VAT margin scheme - What is the margin scheme?
The margin scheme is an optional tax scheme in the UK that allows a VAT-registered business to pay tax on the difference between the cost and sale of goods
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Generally associated with the secondhand sale of goods such as antiques and art, the margin scheme aims to allow certain businesses to work with a VAT scheme based on added value to goods, as opposed to the total sale value.
In other words, the VAT amount is only paid on the difference between the price that a business pays for an item and the total amount for which that the same item is later resold.
Who can use the margin scheme
The VAT margin scheme is designed for VAT-registered businesses that work with specific products. These products are typically bought, then might be refurbished or otherwise acquire additional value before being resold.
The margin scheme, however, is only available to businesses that qualify. This means that they must work with goods that are considered eligible, that those goods must be purchased under eligible circumstances, calculations of buying and selling prices must be calculated a particular way, and certain rules must be followed when it comes to stock management.
Businesses that work with the VAT margin scheme typically deal with the following types of products, purchased for resale:
- Secondhand goods: purchased and then refurbished or repaired for the purposes of reselling them (those that do not fall under antiques or works of art).
- Artwork: created by hand, by lithograph, through plates by an individual (not machine), sculptures, tapestries, ceramics, etc. All must be handmade, or if from a mould - considered limited editions.
- Collector’s items: these items usually fall unders collections such as those considered scientific, historical, zoological etc.
- Antiques: antiques are items that do not fall under works of art or collector’s items that are more than 100 years old.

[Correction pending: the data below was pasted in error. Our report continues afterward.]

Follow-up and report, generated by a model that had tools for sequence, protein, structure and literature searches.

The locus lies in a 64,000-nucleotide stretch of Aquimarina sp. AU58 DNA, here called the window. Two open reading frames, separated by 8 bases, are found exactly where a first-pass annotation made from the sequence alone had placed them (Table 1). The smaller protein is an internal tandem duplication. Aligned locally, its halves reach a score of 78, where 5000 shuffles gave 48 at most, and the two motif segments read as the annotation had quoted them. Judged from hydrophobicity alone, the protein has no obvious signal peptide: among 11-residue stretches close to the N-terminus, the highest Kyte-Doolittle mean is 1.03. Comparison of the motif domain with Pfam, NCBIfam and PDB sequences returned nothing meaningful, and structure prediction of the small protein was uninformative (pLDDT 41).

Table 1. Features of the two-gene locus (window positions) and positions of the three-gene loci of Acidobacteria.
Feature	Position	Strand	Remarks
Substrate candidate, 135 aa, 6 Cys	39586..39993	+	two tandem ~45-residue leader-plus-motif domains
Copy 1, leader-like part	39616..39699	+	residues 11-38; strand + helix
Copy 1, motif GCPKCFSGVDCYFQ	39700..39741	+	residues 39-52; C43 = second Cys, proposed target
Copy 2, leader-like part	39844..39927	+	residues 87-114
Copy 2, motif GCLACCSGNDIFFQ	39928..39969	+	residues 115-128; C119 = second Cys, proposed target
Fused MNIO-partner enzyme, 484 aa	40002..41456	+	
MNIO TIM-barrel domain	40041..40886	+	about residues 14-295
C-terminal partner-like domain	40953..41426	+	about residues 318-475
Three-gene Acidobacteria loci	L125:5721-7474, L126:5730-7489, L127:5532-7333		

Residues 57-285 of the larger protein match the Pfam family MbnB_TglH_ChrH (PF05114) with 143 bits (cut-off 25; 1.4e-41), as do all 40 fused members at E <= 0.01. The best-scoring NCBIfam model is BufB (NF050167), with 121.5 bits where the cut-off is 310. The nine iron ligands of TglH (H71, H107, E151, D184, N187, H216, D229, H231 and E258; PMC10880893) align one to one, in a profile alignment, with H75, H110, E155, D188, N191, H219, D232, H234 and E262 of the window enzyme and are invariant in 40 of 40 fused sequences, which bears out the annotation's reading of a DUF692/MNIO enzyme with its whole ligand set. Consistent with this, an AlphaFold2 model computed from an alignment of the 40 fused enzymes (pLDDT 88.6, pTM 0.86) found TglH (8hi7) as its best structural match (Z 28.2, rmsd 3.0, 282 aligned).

It’s important to note that there are some goods that cannot be included under the VAT margin scheme. These include:
- Purchased items that include VAT
- Precious metals
- Precious gems
- Gold used in investment
There are some exceptions, so if a business deals with any of these items, it’s important that they speak to a specialist to determine whether they qualify under the margin scheme.
How the margin scheme works
A business looking to join the margin scheme will deal with qualifying goods, on which they purchase from a non-VAT registered individual or business and also sell to a non-VAT registered individual or business.
The scheme allows the business to pay tax on only the difference between the purchase and sale price, generally at a flat rate - the margin x ⅙.
It is not necessary for businesses to register under the margin scheme with HMRC. As long as the VAT-registered business meets the criteria for it and applies the calculations correctly, it can proceed with using the margin scheme.
Example of the margin scheme
Ray runs an antiques business. He purchases a 150 year old wardrobe from an individual selling it privately. He pays £875 for the item. He puts a little bit of work into polishing it and fixing a few small cosmetic issues and sells it for £1,500.
Under the margin scheme, tax would be paid on the £625 difference between Ray’s purchase price and the price the wardrobe was sold for. So the VAT would be 625 x ⅙ = £104.17.
Using the margin scheme
Online resale businesses are becoming one of the main users of the margin scheme. This includes Etsy, Amazon, eBay, and businesses based on resale such as vintage clothing or even electronic devices.
Under the margin scheme, the business would not include VAT on any invoices although they are VAT-registered. This is because VAT is not charged on the sale price to the non-VAT registered buyer.